A story a year ago in the New York Sun said Viswanathan’s “plot was hatched well before she signed up with Ms. Cohen,” and reported that a manuscript went from Cohen’s own literary agent at the William Morris Agency to the fiction specialist there, Jennifer Rudolph Walsh, and from her straight to Little, Brown. According to a Boston Globe article of two months ago—which, strangely, comes in the novel’s media packet—there was considerably more intervention than that. Several recent articles in the New York Times add more confusing details about a less-than-streamlined process. What the Morris agent saw wasn’t “commercially viable” work, the Globe reported. The fiction Cohen saw involved Irish history, a New York Times article noted last month; this week, the sample her agent saw is described as “dark,” in “the vein of The Lovely Bones.” In any event, Viswanathan was referred to 17th Street Productions, now owned by Alloy Entertainment, which describes itself as “a creative think tank that develops and produces original books, television series and feature films” with a focus on the teen market. Their properties are carefully targeted—and they’re not known as showcases of authenticity in the sense that most writers usually mean it. The whole idea is to produce variations on a tried-and-true formula, so perhaps it was no surprise that, according to the Globe, the producers of the “Make Out” and “Gossip Girl” series suggested Viswanathan try something, well, lighter. McCafferty, it’s worth noting, is the kind of popular teen author whose cynical-but-smart first-person school daze narratives almost surely get marketers thinking along similar lines.
To be sure, there were “lots of discussions about ‘finding my voice,’ ” as Viswanathan told the Globe, no doubt reminiscent of those conversations with Cohen about her various college essays—but probably even more reminiscent, to judge by the 17th Street Productions think-tank style, of the meetings convened by Opal’s parents to map out what could be learned and applied from the latest episodes and outfits on, say, TheO.C. Once the book’s concept had been “fleshed out,” the project went back to Walsh, who worked with Viswanathan further, according to the Globe. It doesn’t sound as though the Morris Agency’s goal was to tap into her unique imagination. “We had all recognized that Kaavya had the craftsmanship, she’s beautiful and charming, she just needed to find the right novel that would speak to her generation and to people beyond her years as well,” Walsh told the Globe. “We worked on it some more and sold it for oodles and boodles of money.” Having bought it for those oodles, Little, Brown then did its share of meddling. “There was more shaping to this book than we generally do,” Asya Muchnick, a senior editor, said in the same piece; she declined to comment in the Times this week. Who knows when and where, exactly, McCafferty’s voice crept in. An overloaded Harvard freshman with plenty of other writing to get done, Viswanathan might almost be forgiven for having forgotten that originality was even the goal she was striving for. Not that she would think twice, either, when Little, Brown’s publisher touted the “freshness of the voice” in a special publicity letter about her book. A veteran of a college packaging process that puts a premium on audience-targeted expressions of “passion,” she’s surely used to that hype.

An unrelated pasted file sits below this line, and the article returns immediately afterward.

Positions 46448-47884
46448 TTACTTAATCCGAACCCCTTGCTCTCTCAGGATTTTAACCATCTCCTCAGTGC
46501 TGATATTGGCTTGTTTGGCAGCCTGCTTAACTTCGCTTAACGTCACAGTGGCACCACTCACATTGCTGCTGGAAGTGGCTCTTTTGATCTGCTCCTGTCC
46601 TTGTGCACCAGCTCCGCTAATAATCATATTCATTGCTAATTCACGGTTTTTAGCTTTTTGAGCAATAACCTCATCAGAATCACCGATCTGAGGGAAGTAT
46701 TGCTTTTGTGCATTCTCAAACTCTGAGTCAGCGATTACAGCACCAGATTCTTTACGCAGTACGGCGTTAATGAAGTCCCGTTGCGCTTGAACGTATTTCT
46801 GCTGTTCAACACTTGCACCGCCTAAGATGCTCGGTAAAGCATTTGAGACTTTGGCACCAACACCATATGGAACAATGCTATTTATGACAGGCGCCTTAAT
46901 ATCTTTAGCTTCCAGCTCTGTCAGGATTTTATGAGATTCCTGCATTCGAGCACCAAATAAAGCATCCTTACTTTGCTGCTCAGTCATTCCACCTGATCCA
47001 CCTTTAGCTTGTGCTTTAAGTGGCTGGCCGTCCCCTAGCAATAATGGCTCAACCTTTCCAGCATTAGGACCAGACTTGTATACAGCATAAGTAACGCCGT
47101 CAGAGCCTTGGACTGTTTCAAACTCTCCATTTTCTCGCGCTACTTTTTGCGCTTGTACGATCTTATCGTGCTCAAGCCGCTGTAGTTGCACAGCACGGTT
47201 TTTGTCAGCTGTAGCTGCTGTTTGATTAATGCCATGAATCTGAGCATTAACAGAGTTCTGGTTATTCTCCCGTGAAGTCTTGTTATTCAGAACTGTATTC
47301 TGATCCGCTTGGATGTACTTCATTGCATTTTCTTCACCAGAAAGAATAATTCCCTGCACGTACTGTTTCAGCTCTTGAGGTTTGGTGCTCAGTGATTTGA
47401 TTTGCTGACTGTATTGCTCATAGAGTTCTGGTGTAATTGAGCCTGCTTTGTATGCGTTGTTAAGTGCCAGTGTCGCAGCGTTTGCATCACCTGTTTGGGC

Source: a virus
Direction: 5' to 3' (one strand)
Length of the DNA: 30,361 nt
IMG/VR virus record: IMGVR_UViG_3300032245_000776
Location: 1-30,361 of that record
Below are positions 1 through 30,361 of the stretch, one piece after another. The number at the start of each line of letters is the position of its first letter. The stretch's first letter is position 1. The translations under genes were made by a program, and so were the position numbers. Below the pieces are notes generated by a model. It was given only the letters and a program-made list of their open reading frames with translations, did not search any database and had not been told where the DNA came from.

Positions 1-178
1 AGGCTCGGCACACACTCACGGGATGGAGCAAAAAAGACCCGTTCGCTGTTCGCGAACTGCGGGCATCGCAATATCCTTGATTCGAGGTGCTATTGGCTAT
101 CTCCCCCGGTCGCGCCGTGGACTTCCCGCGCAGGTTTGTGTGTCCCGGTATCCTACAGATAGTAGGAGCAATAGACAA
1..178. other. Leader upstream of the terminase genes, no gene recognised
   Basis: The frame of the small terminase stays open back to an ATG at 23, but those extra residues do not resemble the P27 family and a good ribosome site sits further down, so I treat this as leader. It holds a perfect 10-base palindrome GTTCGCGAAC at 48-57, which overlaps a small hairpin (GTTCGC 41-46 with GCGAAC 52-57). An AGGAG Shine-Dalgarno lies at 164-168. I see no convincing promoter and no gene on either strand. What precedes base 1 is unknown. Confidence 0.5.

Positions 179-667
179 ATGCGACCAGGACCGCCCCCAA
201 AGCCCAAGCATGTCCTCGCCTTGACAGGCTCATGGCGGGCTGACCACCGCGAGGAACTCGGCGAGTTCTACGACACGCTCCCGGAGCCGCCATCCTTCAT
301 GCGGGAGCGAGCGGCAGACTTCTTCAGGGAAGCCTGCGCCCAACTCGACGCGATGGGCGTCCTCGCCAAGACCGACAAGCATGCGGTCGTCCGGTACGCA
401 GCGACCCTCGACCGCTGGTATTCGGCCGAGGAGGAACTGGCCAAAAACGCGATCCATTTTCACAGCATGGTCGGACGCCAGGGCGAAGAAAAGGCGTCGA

The historian Steven Ambrose, a one-man book production company, ducked plagiarism charges in a late book, The Wild Blue, by attributing them to his overhasty entourage of assistants, his five kids. It’s tempting to wonder whether Viswanathan, if she could find her own voice, might foist some of the blame for her borrowings onto her endlessly enabling elders. But that is, of course, the last thing a much-mentored superkid, intent on success, has been reared to do. Opal dares only once to tell her parents to back off, and then she bolts to her bedroom.